Physicians as breastfeeding supporters

Photo retrieved from: https://tobacco.stanford.edu/cigarette/img0079/

“More doctors smoke camels than any other cigarette,” claims the ad from 1950. Today, it’s preposterous to imagine that any physician would align themselves with the tobacco industry. Starting  in the 1920s and continuing well into the 1950s though, tobacco companies used doctors to help them sell their products. Stanford’s Research into the Impact of Tobacco Advertising has a collection of over 1,000 advertisements that feature doctors endorsing tobacco products. 

In an eerie parallel, WHO’s February 2022 report, How the marketing of formula milk influences our decisions on infant feeding, states that “Recommendations from health professionals are a key channel of formula milk marketing. Health professionals spoke of receiving commissions from sales, funding for research, promotional gifts, samples of infant and specialized formula milk products, or invitations to seminars, conferences and events.” (p. 7) 

Last week, Nikki Lee, RN, BSN, MS, Mother of 2, IBCLC,RLC, CCE, CIMI, CST (cert.appl.), ANLC, RYT500 and I shared our reflection on the forces that shape physicians’ personal infant feeding experiences. In this second installment, we explore how physicians as professionals can support breastfeeding despite being targeted by the breastmilk substitute (BMS) industry and despite generally being woefully equipped with proper lactation education, training and counseling skills. These predicaments can lead physicians to “explicitly or inadvertently, introduce doubts around the ability of women to breastfeed and the value and quality of their breast milk.” (WHO, p. 12) 

 

Pervasive industry influence for generations

Because “health professionals are among the most respected and trusted members of society…[their] advice…is highly influential for pregnant women and parents of infants and young children, including around infant feeding decisions.”  Formula milk companies exploit this relationship of trust. (WHO, p. 12)

Source: United States Breastfeeding Committee

BMS representatives target physicians “with a range of incentives, including funding for research, commissions from sales, ambassadorial roles, merchandise, gifts and all expenses paid promotional trips.” (WHO, p.13)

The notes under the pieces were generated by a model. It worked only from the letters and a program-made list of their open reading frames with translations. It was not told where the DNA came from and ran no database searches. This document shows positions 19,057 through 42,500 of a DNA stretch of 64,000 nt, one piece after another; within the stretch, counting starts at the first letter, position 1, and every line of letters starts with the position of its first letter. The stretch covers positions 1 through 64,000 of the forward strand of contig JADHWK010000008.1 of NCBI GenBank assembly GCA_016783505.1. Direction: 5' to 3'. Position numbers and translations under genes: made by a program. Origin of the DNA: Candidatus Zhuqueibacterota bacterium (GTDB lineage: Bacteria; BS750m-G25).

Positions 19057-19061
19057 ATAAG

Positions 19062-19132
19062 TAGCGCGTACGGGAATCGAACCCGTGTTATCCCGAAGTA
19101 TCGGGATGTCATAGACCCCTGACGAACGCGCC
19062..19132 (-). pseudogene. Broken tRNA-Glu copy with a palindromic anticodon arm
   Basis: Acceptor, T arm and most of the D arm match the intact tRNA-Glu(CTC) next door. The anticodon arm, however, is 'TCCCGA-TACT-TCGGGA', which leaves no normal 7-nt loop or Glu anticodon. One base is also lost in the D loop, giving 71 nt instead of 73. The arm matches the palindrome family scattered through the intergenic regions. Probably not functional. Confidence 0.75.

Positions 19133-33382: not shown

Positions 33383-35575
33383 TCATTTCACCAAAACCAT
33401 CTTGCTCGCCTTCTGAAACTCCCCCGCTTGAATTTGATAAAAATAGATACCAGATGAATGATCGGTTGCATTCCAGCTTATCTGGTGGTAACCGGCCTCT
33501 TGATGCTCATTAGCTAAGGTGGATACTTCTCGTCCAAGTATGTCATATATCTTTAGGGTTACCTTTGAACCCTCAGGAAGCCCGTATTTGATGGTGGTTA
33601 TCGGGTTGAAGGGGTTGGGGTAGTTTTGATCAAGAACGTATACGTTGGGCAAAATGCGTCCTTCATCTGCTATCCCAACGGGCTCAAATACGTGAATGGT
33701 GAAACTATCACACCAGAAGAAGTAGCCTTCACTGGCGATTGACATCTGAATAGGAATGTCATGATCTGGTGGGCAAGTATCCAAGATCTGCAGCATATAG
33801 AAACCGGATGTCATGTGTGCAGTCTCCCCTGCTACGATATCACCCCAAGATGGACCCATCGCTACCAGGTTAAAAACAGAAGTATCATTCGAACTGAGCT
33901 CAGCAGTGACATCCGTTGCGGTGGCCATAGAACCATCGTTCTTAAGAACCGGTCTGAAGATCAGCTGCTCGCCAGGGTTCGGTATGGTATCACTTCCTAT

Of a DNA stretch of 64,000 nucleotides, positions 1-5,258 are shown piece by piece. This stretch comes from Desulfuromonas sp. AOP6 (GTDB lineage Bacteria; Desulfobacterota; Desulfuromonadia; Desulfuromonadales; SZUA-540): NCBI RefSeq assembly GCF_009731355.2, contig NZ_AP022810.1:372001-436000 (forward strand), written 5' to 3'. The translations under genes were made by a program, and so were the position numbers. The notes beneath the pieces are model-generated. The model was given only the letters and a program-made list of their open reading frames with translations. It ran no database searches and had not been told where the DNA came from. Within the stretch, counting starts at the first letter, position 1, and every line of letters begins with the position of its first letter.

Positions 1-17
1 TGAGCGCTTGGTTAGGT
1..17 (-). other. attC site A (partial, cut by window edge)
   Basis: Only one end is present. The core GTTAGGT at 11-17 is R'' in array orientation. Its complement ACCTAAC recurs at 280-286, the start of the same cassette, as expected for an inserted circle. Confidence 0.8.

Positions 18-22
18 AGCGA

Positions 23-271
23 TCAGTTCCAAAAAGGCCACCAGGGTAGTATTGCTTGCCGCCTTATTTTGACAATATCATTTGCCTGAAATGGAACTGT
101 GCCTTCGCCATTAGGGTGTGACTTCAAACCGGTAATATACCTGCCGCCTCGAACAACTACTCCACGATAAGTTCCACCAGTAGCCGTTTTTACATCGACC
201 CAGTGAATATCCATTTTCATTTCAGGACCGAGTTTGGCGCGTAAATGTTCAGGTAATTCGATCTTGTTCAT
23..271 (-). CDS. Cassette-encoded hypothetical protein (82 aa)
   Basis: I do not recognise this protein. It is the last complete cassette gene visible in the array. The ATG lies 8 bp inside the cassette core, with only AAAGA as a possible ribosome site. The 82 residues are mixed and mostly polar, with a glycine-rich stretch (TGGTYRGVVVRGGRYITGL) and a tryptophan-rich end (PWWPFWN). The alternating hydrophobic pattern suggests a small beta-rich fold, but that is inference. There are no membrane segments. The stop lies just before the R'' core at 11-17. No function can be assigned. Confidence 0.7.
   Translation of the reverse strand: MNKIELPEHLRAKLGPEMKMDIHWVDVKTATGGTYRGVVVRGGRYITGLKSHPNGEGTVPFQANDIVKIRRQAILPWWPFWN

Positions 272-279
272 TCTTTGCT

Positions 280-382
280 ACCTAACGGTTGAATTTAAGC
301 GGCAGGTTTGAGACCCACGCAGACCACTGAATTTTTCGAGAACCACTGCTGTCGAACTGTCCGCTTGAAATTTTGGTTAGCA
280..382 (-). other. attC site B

The psychology behind gift-giving, both big and small is that “ it imposes…a sense of indebtedness…. The…rule of reciprocity imposes…an obligation to repay for favors, gifts and invitations…” (Katz 2003) Instead of supporting infant feeding purely through a health and wellness lens, physicians feel obliged to a company muddying their relationships with their patients. 

Interestingly, most physicians feel immune to marketing’s influence, despite clear evidence to the contrary, Frederick S. Sierles, MD lays out in The Gift-Giving Influence

Curious consumers can search their doctors’ names through ProPublica’s Dollars for Docs project to learn about gifts they have accepted. 

 

Mechanical culture 

Our culture fails to acknowledge the mother baby unit as a dyad, and this influences the way physicians can support breastfeeding too.

Source: United States Breastfeeding Committee (USBC)

“We are never taught, in our fragmented system, that the mother and baby are a unit,” Lee reiterates. “OB/GYN/midwife sees mama; peds sees babies. There are even different places for them in the hospital: nursery, postpartum unit. What a struggle we had with the BFHI to keep mother and baby together.” 

[As a side, Attorney Leah Margulies recently shared in Protecting Breastfeeding in the United States: Time for Action on The Code that formula companies provide architectural designs to maternity care facilities in a deliberate attempt to separate dyads.] 

The Alliance for Innovation on Maternal Health’s (AIM) Patient Safety Bundles offer models for how health professionals can use task force approaches that break down silos of care and open channels of communication. The strategies used in these bundles aim to ultimately shift from fractured care to continuity of care where the dyad is protected.  

We must also consider how physicians are compensated for their work. In the current U.S. healthcare system, physicians find themselves paid in Relative Value Units (RVUs), which bluntly put, is a pretty mechanical way to value providing care to other humans, as we mentioned in our first installment. In short, the more RVUs a physician racks up, the more they’re paid. Breastfeeding counseling takes time.

 

Inadequate education 

How are physicians to spend time with their patients, educating and supporting breastfeeding when they’ve had little to no breastfeeding education invested in them? Dr. Nigel Campbell Rollins pointed out in WHO’s How the marketing of formula milk influences our decisions on infant feeding webinar that faculty in medical schools themselves sometimes believe that formula products are inevitable or necessary. 

A cross-sectional study in the UK suggests that UK medical schools are not adequately preparing students to support breastfeeding patients.  

Source: United States Breastfeeding Committee